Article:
Only Yesterday (1991) – [subtitled]
For the next few weeks I’ll be watching all the Studio Ghibli films. Some again, some for the first time.

Isao Takahata’s follow up to Grave of the Fireflies is just as dynamic and powerful, yet vastly more uplifting. You will be moved, heart warmed, fall into childhood memories, smile, cringe, and perhaps, like me, cheer with eyes blurred.

The film is an empathic look at the plight of women, especially in Japanese society. That said, this film will affect anyone who has ever questioned the direction of their lives, felt like their life has been shaped and guided by the memories of past, and how we reconcile who we were as a child to who we’ve become as an adult.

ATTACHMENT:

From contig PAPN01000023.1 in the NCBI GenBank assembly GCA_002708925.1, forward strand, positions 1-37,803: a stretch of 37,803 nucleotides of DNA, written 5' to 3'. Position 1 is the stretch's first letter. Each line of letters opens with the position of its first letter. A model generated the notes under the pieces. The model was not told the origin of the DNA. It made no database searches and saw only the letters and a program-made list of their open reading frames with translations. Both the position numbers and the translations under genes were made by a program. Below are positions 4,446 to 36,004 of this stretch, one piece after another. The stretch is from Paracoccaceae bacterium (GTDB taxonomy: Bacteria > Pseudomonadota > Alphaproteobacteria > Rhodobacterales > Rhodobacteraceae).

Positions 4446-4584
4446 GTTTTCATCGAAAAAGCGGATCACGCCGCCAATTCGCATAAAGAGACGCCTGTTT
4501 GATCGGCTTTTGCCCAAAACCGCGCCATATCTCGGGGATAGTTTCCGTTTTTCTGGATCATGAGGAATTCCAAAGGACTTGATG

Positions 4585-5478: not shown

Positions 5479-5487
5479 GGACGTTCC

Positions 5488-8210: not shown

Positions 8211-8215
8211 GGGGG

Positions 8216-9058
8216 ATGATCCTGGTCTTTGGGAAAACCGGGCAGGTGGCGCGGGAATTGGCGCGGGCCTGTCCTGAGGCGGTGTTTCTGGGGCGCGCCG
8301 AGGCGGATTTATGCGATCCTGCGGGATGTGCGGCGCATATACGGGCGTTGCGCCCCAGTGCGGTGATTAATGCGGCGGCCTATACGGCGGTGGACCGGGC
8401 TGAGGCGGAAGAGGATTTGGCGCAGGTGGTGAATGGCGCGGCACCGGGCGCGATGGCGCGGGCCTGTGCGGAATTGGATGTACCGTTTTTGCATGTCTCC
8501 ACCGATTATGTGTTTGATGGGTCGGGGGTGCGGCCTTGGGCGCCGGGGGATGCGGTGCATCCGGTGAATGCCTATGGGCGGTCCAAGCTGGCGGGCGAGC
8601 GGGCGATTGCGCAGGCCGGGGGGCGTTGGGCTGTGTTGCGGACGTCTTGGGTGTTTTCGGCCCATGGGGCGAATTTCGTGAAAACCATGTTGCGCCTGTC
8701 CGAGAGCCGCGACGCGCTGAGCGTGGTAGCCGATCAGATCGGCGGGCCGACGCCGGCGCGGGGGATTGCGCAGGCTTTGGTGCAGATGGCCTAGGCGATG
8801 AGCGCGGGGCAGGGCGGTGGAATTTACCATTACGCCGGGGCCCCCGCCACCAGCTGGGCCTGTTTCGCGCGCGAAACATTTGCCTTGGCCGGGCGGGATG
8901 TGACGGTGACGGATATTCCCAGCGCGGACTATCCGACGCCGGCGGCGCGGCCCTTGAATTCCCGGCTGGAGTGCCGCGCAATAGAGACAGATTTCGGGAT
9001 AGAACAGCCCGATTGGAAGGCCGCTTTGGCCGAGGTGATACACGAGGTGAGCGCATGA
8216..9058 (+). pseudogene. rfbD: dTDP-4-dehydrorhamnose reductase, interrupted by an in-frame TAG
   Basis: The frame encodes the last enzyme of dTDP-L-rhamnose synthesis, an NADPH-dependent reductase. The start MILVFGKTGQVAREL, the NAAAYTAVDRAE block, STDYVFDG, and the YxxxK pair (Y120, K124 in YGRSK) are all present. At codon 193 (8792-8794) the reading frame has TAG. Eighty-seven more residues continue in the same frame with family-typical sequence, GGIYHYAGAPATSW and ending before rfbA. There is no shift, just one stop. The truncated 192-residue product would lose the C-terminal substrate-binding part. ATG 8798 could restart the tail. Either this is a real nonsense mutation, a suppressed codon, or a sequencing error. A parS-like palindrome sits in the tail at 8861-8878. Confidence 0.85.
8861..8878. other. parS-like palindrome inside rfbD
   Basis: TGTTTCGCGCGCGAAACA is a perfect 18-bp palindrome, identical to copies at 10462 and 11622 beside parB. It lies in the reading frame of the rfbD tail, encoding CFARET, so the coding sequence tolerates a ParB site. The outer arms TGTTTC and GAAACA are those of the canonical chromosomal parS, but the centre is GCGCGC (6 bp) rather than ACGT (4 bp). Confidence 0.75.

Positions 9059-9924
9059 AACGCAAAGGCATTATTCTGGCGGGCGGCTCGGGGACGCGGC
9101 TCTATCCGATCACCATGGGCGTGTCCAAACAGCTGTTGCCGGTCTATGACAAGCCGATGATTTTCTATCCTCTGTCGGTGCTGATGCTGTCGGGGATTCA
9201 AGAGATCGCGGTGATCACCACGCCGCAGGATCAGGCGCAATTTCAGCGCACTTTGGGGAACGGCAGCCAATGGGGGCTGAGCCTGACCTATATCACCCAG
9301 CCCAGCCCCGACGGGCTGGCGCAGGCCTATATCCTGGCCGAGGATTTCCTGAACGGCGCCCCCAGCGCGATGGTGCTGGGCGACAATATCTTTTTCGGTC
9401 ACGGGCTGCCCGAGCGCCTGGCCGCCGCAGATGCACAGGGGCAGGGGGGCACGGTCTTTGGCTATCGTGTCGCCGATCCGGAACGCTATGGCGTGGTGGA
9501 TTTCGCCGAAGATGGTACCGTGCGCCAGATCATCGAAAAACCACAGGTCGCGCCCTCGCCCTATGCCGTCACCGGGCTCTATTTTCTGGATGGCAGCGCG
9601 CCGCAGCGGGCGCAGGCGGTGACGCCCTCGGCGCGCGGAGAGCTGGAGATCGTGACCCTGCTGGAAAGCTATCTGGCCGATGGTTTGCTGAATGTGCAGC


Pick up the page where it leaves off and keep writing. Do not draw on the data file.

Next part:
Similarly to how Totoro and Fireflies mirror each other thematically, yet are extremely different films in style, as well as narrative, Only Yesterday is a perfect coming-of-age companion to Kiki’s Delivery Service. There is no magic, no airships, no chase scenes, no evil villains bent on world domination, just a young woman unsure about her future, as she peers into her past.

Only Yesterday is a slow burning, intimate, introspective, life-affirming, near perfect piece of cinema. I laughed, cried, and was touched by every scene. Everyone should experience this film.